Just remember it doesn’t need to be perfectly matched. Your goal is to buy a purifier with close to or greater than a coverage rating of the room you want to use it in.
Air purifier CADR ratings explained
What is a CADR rating?
A purifier’s Clean Air Delivery Rate is a measured, numerical way to express how effectively a purifier can filter a room’s air. Introduced by the Association of Home Appliance Manufacturers (AHAM), the CADR rating is an industry standard for measuring the air flow of of filtered air.
The main benefit of a manufacturer-provided CADR rating is that you know the purifier has been tested in a certified test lab by following industry guidelines.
In other words, the CADR rating is a figure of measurement that is volume of filtered air delivered by an air cleaner. The higher the numbers (listed for smoke, dust, and pollen) the more effective it is at filtering.
Why it’s helpful to know
Generally speaking the higher the numbers or numbers, the better.
Products sold with a CADR rating benefit you because you know they have a proven amount of square footage air filtering coverage. There’s no guessing and it is a good indicator of a quality product with demonstrated filtering ability.
Higher ratings for the tobacco smoke, dust, and pollen numbers are a sign that the unit will more quickly purify the air than a comparable unit with lower ratings.
If the ratings between are the same between to products then the filtering performance is the same.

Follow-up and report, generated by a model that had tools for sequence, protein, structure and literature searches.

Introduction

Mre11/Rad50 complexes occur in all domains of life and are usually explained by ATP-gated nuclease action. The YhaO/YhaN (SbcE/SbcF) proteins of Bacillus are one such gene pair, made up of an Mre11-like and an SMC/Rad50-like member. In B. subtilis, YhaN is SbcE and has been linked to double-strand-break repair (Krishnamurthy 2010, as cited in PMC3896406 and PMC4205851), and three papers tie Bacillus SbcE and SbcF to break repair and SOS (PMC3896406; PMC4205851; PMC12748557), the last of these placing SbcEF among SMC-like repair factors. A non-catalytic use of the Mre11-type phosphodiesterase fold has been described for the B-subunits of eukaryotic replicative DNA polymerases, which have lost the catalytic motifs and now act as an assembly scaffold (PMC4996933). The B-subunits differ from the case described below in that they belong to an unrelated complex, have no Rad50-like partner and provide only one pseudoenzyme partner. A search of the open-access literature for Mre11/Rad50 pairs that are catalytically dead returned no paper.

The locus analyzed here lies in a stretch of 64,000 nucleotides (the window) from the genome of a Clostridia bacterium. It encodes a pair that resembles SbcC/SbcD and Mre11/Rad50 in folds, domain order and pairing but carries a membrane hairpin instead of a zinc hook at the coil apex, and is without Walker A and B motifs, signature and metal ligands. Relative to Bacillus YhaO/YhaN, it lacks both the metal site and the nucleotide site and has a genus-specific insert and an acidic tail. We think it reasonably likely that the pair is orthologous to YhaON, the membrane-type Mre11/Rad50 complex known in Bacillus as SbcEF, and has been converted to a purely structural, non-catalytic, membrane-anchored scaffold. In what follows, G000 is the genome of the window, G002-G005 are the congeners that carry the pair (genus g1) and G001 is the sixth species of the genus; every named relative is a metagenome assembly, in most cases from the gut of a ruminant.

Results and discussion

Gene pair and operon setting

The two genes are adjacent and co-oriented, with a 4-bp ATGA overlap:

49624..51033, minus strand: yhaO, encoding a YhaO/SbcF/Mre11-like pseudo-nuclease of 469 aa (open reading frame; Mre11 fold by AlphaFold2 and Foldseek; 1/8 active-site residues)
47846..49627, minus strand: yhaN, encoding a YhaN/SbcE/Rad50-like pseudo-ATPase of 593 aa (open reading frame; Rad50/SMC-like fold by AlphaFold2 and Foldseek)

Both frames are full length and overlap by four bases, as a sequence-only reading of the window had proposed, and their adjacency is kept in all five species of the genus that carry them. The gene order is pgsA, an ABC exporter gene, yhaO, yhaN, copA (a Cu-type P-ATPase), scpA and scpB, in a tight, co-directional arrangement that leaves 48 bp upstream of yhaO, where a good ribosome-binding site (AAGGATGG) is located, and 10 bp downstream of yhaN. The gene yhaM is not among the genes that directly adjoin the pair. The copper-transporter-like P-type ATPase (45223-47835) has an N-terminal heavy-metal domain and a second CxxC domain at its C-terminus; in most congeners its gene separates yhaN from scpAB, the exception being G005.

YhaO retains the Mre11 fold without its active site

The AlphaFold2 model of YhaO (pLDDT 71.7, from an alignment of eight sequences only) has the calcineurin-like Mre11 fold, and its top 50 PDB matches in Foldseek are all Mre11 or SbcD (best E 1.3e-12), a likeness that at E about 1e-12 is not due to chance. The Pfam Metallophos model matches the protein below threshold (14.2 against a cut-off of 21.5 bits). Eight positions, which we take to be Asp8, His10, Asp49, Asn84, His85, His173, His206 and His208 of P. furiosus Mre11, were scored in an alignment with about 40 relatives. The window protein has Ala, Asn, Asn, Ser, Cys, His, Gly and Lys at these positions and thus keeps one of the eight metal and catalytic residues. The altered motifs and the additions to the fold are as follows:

Air purifier types: portable vs. whole house vs. wall-mounted
“Whole house, portable, or wall-mount air purifiers, which one should I use?” You’ll likely be faced with this question as you set out to buy an air purifier. It’s actually pretty simple, but something you may encounter and should be aware of in advance.
Portable ones can be moved around as needed while whole house systems cover the full interior of your home. Wall-mounted units are attached to walls and can be placed out of the way.
Here’s a general overview of their respective advantages and disadvantages:
Pros and cons lists for the general placement types of air purifiers
Portable air purifiers
- You can move them from room to room
- Ideal for those on a budget (You can buy one and bring it along as you switch rooms, even take it to work!)
- If you buy a model with low space coverage it may not work well in other rooms
- You could deem it too much of a hassle to drag one along every time you switch rooms
Whole house air purifiers
- Covers the airflow system of your entire house – especially larger interior spaces
- Works as one whole system (It isn’t necessary to purchase several units)
- Heavily reliant on the HVAC system
Wall mounted air purifiers